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2.2. Creating a New Partition

In order to build a new Linux system, space is required in the form of an empty disk partition. If the computer does not have a free partition or room on any of the hard disks to make one, LFS can be built on the same partition where the current distribution is installed.



This advanced procedure is not recommended for your first LFS installation, but if you are short on disk space the following document can be helpful: http://www.linuxfromscratch.org/hints/downloads/files/lfs_next_to_existing_systems.txt.

A minimal system requires a partition of around 1.3 gigabytes (GB). This is enough to store all the source tarballs and compile the packages. However, if the LFS system is intended to be the primary Linux system, additional software will probably be installed which will require additional space (2 or 3 GB). The LFS system itself will not take up this much space. A large portion of this required amount of space is to provide sufficient free temporary space. Compiling packages can require a lot of disk space which will be reclaimed after the package is installed.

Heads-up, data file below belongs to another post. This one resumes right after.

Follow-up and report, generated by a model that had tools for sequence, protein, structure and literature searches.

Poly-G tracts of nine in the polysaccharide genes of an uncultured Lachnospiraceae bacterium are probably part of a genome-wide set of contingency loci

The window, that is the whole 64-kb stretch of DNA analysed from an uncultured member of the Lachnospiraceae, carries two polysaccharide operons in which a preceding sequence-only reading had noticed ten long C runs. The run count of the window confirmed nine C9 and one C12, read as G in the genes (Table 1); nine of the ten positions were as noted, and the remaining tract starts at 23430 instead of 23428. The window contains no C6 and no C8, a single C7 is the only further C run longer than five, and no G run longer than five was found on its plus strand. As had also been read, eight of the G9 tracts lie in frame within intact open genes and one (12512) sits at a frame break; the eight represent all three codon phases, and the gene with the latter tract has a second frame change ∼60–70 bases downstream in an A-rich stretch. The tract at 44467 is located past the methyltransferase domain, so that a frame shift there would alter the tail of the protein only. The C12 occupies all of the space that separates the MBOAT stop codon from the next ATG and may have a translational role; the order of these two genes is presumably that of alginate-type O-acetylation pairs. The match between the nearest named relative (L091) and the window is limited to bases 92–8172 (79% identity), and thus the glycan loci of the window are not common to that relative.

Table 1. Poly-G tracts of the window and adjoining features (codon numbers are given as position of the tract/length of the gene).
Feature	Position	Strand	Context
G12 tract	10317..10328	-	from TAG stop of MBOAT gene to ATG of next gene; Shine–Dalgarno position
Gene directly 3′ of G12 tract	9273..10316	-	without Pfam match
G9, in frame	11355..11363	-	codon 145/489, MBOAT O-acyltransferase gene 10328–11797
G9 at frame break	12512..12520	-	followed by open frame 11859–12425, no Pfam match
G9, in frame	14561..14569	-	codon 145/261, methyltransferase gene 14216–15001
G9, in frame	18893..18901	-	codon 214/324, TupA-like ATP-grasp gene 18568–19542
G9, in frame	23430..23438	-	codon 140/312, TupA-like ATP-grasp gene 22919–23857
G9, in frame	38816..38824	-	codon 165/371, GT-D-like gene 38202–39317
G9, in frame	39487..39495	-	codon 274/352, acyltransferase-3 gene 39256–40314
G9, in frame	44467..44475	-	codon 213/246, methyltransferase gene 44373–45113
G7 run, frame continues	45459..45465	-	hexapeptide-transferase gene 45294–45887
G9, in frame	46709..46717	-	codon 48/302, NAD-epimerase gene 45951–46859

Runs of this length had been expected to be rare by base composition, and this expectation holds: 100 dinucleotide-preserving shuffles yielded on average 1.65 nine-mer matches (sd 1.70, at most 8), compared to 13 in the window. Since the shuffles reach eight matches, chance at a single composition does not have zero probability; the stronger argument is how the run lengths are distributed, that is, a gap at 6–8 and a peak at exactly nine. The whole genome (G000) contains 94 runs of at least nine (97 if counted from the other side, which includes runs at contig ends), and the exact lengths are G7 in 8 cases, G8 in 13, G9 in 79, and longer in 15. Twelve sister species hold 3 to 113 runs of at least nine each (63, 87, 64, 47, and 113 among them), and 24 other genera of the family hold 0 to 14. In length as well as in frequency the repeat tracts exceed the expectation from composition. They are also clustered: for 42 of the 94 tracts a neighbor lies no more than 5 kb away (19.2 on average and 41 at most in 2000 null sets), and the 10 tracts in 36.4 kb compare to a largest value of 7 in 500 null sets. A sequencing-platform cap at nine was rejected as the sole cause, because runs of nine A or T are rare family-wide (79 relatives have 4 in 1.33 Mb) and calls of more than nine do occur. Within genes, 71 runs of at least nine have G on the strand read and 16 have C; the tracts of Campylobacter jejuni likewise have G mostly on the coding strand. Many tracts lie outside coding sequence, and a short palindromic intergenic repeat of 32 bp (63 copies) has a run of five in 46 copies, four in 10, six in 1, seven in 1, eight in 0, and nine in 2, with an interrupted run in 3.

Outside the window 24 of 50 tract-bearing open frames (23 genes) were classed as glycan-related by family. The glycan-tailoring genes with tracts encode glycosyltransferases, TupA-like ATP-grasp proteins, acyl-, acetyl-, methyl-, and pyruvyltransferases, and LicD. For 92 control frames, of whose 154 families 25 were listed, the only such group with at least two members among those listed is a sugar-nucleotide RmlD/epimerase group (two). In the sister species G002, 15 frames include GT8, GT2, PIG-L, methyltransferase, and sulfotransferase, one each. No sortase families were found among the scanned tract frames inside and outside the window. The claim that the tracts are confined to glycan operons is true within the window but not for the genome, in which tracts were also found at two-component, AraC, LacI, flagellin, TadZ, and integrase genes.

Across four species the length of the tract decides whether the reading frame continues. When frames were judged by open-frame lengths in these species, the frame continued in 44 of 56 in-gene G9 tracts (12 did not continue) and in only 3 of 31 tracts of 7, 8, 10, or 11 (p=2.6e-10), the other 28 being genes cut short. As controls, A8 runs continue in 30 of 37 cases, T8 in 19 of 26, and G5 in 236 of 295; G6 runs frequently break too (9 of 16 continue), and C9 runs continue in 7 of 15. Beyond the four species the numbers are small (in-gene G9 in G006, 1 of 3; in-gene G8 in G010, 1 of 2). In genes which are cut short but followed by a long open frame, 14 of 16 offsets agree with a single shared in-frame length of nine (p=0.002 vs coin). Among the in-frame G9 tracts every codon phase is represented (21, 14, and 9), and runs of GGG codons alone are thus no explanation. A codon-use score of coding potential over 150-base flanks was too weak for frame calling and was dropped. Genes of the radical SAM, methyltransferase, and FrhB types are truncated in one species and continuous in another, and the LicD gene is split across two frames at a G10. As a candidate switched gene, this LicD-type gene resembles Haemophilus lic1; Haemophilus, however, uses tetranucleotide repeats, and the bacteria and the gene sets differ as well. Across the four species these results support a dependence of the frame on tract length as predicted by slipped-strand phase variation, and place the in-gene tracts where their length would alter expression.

Because there is not always enough Random Access Memory (RAM) available for compilation processes, it is a good idea to use a small disk partition as swap space. This space is used by the kernel to store seldom-used data to make room in memory for active processes. The swap partition for an LFS system can be the same as the one used by the host system, so another swap partition will not need to be created if your host system already has one setup.

Start a disk partitioning program such as cfdisk or fdisk with a command line option naming the hard disk on which the new partition will be created—for example /dev/hda for the primary Integrated Drive Electronics (IDE) disk. Create a Linux native partition and a swap partition, if needed. Please refer to the man pages of cfdisk or fdisk if you do not yet know how to use the programs.

Remember the designation of the new partition (e.g., hda5). This book will refer to this as the LFS partition. Also remember the designation of the swap partition. These names will be needed later for the /etc/fstab file.